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Astro-Tourism: Visiting the Stars in Chile

Andrea Sagues Cifuentes, June 13, 2011

The Elqui Valley, Chile. It all started in the 1980s, when a mass of excited tourists arrived to this lost valley in the Andes Mountains to see Halley's Comet pass by, only visible from Earth once every 76 years.

Since there weren't enough hotel facilities, as the locals told me, many camped in the hills or even slept in their cars. As part of the spectacle, the national television station mounted a massive New Age art show on the side of a hill, which was converted into a natural amphitheatre. Everything was perfectly prepared, as people got ready for an once-in-a-lifetime experience.

 
Sadly, the comet story ends there. After all the build up and excitement, nobody was able to witness the comet pass. It was possible to see the pale comet only by using very special lenses and from few unique locations.
 
Visitors were frustrated. But it was no letdown for the locals, as everyone started talking about this picturesque place of pristine beauty. Together with tourists, hippies, spiritual guarders, esotericists and healers started cramming the valley, searching of an interior answer in its colorful hills and starry skies. With them, new hotels, restaurants and a bunch of alternative-therapy centers and spas were born. Today, the Elqui Valley is one of the most sought-after touristic locations in Chile.
 
I can't remember the number of times I have visited this tranquil daydream oasis—first with my family, then with my friend, and now with my husband. Its contrasting landscape—a mixture of steep mountainsides, rushing river, immense green vineyards and delightful, sunny weather 300 days a year—makes it a perfect getaway at anytime.
 
It is the magnetic atmosphere that traps you from the first moment, making the valley worth repeat visits. This is no casual description, as, according to experts, the Valley and its oasis represent the magnetic center of the world.
 
In addition to connecting with my soul and having kind of a Zen experience, what I enjoy most doing here is astro-tourism. The Elqui Valley is renowned for its clear skies, making it a perfect spot for stargazing at some of its many observatories, such as Tololo, Mamalluca, El Pangue, Cruz del Sur, Mayu and Cancana.
 
AstroExpedition took us for a guided tour to a couple of these observatories. After an interesting talk on the origins of the universe, we went outside to appreciate planets, stars and celestial bodies. "According to Greeks, there are 88 constellations, some of them visible from both hemispheres. Due to the valley's optimal conditions—clear skies and no pollution—many of them can be seen with a naked eye. Actually, they were named before astronomic instruments even existed," explained Cristian Ballesta from AstroExpedition.
 
From their terraces, we enjoyed a great view of the Milky Way and saw Saturn with its unmistakable rings, a very bright Venus, Jupiter and Mars in all its glory. We also spotted the Southern Cross, Orion's Belt, Taurus, Sagittarius, Scorpion and other famous constellations and discovered the Magellan Clouds, two satellite galaxies visible only from the southern hemisphere.
 
For an unforgettable astronomic experience, I recommend taking a night horseback ride to see some of the villages set in this beautiful spot and camp under the vastness of the sky. On a moonless night, the sky here is so clear and magnificent, it seems you can almost touch it. The stars are bright, and the number of shootings stars visible from here can simply not be counted, so prepare enough wishes in advance.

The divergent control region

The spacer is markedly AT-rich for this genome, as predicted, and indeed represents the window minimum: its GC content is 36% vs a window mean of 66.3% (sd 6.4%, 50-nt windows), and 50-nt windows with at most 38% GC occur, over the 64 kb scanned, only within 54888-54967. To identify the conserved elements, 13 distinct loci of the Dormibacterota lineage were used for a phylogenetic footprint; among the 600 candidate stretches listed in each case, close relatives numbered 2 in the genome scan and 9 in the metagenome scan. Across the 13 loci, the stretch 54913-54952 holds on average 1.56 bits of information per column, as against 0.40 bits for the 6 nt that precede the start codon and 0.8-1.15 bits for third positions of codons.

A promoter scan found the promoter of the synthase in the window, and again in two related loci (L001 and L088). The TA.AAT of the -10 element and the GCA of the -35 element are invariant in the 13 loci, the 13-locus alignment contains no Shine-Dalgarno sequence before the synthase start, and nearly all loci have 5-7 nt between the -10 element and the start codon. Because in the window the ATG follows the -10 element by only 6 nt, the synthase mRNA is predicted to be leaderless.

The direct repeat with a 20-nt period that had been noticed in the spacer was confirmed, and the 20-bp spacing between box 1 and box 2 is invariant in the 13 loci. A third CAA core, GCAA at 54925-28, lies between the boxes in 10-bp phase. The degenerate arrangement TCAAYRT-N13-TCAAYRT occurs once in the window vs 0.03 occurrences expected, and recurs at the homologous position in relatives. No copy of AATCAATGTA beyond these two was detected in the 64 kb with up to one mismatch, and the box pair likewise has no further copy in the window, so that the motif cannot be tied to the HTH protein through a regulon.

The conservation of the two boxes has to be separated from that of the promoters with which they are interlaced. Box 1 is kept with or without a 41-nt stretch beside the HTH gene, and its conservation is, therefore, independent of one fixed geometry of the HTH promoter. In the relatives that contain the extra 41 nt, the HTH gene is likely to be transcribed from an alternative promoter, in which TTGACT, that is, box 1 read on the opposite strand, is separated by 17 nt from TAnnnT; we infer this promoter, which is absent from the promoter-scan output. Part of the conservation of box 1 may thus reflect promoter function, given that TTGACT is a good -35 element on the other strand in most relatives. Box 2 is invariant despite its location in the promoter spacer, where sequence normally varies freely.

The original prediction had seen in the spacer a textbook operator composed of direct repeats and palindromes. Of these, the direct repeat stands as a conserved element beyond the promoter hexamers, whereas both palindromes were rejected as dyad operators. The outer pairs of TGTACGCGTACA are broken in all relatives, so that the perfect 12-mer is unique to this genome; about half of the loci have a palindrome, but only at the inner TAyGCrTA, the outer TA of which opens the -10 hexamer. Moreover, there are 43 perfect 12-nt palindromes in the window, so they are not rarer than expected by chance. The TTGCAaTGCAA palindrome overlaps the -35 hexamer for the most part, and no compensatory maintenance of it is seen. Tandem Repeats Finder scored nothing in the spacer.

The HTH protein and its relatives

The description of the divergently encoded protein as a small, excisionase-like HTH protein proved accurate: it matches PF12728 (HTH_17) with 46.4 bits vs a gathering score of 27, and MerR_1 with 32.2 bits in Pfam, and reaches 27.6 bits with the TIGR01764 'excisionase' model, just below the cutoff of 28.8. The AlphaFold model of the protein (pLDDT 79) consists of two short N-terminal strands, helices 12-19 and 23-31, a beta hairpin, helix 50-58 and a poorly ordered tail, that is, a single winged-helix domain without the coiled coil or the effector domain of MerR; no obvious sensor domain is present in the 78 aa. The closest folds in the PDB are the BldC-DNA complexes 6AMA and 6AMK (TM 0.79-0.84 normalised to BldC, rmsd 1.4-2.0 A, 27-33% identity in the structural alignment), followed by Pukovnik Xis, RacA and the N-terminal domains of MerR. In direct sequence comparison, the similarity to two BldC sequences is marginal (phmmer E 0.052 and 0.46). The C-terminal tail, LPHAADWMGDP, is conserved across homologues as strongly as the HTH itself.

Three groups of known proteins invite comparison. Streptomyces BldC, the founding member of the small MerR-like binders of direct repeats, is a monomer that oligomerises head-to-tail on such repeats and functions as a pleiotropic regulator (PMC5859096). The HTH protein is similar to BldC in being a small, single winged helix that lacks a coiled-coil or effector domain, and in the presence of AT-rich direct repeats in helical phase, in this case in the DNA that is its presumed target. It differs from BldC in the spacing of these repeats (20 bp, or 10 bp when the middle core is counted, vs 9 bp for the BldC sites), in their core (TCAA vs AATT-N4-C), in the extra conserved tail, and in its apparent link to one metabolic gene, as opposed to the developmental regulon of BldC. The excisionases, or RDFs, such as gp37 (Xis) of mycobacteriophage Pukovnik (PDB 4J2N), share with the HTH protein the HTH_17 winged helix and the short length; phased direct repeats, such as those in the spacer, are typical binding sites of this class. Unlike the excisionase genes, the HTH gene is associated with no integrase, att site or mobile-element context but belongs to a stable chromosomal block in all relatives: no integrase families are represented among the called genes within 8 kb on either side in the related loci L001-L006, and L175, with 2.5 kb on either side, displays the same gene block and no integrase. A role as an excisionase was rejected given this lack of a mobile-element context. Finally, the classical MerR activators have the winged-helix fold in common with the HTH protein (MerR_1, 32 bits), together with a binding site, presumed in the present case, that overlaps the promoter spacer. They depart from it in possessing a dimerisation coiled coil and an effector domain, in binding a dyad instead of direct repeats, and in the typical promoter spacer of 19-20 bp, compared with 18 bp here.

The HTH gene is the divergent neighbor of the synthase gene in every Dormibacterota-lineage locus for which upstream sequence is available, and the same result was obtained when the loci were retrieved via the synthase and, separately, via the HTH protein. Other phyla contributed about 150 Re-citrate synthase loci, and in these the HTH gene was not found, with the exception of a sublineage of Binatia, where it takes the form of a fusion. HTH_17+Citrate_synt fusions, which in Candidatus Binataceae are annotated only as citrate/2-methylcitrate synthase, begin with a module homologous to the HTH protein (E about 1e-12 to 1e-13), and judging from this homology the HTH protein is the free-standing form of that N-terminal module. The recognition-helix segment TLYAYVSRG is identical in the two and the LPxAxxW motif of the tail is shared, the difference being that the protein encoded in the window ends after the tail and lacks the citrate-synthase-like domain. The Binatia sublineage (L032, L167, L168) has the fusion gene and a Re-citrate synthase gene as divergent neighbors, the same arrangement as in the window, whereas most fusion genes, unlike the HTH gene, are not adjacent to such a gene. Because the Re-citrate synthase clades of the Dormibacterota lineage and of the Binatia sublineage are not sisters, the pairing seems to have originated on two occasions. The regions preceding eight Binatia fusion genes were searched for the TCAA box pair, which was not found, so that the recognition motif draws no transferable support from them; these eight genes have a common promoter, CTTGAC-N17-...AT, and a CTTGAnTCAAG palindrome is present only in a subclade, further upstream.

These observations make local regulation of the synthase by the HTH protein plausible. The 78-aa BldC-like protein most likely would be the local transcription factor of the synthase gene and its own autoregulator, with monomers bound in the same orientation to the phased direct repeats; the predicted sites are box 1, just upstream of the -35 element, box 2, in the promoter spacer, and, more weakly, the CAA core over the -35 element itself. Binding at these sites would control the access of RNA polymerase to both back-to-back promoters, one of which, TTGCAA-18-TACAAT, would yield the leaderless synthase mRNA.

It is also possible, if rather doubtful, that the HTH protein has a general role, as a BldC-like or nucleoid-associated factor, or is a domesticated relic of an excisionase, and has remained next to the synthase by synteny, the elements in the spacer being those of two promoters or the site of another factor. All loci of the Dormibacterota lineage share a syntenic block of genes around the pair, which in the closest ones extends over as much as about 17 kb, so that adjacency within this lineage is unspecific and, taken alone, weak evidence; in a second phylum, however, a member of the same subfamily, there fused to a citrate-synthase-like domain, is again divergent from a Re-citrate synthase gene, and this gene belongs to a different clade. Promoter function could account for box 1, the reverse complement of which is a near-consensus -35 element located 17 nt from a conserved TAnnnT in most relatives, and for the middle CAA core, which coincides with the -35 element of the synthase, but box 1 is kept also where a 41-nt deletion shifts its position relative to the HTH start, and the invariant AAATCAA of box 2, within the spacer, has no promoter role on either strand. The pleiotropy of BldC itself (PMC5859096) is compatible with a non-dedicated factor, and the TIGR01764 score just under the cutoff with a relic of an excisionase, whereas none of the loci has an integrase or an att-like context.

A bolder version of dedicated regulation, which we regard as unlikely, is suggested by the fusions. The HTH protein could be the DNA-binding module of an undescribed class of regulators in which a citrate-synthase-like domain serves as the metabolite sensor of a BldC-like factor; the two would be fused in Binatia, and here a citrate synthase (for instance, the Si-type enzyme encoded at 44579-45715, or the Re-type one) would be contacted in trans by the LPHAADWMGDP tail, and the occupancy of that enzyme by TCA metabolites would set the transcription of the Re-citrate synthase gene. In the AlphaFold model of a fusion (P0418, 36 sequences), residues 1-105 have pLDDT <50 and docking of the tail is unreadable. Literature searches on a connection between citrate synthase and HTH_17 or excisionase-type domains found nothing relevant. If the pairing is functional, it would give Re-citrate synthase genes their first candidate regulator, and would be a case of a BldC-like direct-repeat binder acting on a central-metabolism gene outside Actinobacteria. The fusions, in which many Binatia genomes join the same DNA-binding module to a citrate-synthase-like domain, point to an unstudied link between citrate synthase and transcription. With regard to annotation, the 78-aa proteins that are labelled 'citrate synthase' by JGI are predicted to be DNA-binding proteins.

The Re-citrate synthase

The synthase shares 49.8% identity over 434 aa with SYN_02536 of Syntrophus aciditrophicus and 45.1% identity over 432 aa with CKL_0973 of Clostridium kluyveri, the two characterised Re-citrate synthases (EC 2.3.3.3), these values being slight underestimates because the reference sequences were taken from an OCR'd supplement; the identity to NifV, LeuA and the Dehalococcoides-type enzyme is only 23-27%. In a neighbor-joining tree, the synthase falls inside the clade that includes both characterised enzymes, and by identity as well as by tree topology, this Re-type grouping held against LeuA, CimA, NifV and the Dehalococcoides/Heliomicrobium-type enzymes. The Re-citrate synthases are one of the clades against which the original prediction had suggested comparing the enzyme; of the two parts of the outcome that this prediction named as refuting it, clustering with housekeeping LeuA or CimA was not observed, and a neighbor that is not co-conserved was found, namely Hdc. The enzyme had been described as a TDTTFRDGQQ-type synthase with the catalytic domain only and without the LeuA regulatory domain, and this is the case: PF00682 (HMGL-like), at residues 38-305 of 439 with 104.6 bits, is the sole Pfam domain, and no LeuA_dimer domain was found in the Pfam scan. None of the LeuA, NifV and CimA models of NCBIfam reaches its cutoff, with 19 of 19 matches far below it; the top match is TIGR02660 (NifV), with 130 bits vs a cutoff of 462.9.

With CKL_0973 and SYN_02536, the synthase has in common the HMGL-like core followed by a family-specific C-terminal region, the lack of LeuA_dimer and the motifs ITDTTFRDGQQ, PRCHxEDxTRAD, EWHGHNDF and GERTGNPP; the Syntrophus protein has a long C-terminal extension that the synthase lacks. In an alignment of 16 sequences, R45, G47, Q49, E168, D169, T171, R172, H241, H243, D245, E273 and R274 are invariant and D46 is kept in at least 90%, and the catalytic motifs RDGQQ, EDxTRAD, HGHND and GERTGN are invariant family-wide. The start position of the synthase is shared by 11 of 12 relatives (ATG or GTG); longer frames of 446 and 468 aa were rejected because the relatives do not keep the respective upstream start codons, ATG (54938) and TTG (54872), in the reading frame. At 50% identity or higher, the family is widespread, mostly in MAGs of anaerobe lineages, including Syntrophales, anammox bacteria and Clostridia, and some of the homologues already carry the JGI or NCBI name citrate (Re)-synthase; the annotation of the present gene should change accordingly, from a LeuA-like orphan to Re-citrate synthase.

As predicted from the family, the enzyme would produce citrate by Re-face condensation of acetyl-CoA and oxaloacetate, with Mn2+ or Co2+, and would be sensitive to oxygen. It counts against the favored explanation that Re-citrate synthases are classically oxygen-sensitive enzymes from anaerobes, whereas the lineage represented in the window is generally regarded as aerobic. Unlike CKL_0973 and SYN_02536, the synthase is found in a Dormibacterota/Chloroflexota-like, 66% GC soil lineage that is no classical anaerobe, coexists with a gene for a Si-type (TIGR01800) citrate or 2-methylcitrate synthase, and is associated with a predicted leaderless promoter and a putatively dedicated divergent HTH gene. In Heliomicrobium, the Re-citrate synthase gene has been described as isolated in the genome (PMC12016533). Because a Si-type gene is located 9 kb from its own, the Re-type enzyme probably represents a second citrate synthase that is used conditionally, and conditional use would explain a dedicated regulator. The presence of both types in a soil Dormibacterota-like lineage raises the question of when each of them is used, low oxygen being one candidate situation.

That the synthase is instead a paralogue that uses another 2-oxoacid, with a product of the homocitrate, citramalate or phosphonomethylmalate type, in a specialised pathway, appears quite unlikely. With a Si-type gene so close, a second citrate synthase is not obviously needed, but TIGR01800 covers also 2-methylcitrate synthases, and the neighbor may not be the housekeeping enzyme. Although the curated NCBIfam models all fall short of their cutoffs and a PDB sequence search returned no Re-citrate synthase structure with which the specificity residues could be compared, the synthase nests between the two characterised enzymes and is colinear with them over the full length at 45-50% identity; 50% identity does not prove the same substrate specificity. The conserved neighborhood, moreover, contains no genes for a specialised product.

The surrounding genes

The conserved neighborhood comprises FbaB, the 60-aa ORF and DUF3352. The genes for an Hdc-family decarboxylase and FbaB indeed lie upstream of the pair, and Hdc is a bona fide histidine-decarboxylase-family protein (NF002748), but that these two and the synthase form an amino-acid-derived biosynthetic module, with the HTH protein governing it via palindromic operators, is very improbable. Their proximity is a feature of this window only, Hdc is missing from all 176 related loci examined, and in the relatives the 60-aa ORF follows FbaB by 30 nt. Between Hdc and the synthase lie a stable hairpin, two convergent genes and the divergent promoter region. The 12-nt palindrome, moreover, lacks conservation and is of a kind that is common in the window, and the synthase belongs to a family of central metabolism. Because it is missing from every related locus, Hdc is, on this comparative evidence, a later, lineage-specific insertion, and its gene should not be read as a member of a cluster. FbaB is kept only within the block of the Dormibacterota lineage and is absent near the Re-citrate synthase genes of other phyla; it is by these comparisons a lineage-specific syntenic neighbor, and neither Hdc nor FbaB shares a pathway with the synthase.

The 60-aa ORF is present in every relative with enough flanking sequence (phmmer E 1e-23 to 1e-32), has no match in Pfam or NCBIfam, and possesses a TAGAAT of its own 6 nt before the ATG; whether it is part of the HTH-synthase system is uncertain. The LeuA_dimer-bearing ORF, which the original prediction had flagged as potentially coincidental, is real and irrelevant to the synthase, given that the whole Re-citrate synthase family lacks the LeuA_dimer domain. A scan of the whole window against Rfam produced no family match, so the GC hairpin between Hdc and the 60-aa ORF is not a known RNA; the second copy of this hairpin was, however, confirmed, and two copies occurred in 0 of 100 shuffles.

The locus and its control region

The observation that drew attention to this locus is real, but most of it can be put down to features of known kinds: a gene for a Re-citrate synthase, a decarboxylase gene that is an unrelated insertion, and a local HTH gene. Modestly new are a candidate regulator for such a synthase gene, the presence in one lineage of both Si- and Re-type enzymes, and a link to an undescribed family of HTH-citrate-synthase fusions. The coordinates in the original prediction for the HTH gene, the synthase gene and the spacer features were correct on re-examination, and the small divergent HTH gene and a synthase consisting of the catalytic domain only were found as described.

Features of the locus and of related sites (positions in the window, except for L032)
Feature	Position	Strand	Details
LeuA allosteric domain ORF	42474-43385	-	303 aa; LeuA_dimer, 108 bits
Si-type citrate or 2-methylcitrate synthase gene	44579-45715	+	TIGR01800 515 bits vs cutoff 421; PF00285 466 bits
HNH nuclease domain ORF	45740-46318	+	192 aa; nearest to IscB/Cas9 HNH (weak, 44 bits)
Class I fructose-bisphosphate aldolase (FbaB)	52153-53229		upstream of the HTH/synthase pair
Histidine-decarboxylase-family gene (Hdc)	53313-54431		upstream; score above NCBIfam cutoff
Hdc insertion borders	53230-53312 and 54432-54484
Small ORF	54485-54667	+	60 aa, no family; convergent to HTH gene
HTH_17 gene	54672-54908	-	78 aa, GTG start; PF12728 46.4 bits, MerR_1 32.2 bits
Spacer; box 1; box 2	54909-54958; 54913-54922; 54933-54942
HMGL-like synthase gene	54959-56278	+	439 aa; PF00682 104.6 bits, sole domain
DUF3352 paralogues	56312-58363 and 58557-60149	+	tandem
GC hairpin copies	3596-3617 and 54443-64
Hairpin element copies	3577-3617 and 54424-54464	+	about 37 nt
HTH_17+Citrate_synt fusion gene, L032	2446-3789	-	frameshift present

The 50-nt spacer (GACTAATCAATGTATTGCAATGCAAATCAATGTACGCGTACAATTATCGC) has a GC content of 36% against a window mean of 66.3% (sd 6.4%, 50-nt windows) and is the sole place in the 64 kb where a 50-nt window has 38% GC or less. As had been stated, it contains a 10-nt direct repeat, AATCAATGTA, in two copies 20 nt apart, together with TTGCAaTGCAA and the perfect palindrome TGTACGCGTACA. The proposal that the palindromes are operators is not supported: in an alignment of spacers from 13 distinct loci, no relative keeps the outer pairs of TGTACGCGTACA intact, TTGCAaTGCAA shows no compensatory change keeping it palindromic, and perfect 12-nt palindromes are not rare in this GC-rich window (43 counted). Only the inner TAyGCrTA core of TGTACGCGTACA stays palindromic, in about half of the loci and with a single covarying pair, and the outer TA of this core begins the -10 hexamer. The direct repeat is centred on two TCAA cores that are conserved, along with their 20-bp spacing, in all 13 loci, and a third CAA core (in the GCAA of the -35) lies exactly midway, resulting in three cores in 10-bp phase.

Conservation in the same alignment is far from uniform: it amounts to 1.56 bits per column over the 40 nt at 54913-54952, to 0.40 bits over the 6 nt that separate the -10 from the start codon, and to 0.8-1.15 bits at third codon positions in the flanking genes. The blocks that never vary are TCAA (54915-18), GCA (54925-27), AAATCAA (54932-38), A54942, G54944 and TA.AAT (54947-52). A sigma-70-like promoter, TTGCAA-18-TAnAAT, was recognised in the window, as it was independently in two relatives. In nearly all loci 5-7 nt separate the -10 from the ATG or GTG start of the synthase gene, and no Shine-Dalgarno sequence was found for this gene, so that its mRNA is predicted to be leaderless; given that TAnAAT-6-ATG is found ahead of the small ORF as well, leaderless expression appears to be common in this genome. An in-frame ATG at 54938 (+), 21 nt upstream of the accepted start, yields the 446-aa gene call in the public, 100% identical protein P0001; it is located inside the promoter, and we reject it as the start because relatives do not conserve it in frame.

For Ballesta, Chile is without a doubt the leader in astro-tourism in Latin America. And the trend is rising. "Human curiosity has no limits, and the number of people seeking new ways to satisfy it increases every day. That's why astro-tourism has turned into a more appealing proposal, capable of attracting professionals in this field as well as curious visitors and globetrotters."
 
That same curiosity is what brought Esteban Zarate to build Elqui Domes, an upscale lodge made up of seven domes with removable roofs to facilitate observation. To achieve his dream, Zarate had to travel and conduct extensive research. "We noticed that shapes and philosophy of geodesic buildings, domes, were perfect for our objective. That was how we defined the basic elements for the final design: The bed had to be as high as possible, and over it, the chance of a detachable roof for a dream of stargazing from the bed. That, together with all the comforts visitors need for not getting disturbed on the feelings of such experience," explained Zarate.
 
Each dome is equipped with a living room, a bathroom, a main bed, a telescope and services such as a fridge bar for free tea and coffee. Specialized astronomic tours are also part of the offer. It wisely combines the flexibility of a tent with the comforts of a hotel room. (In some places this concept is known as glamping or glamorous camping). "We offer a magical place for rest and introspection. To ensure a high-quality service, we carefully restrict the number of visitors to assure personalized attention," added Zarate.

Staring at the skies from the bed is a unique and romantic experience, and so was learning a little bit more about the universe. Although everyone knows it is full of mysteries, the Elqui Valley is by no doubt the perfect place to begin unlocking its secrets.

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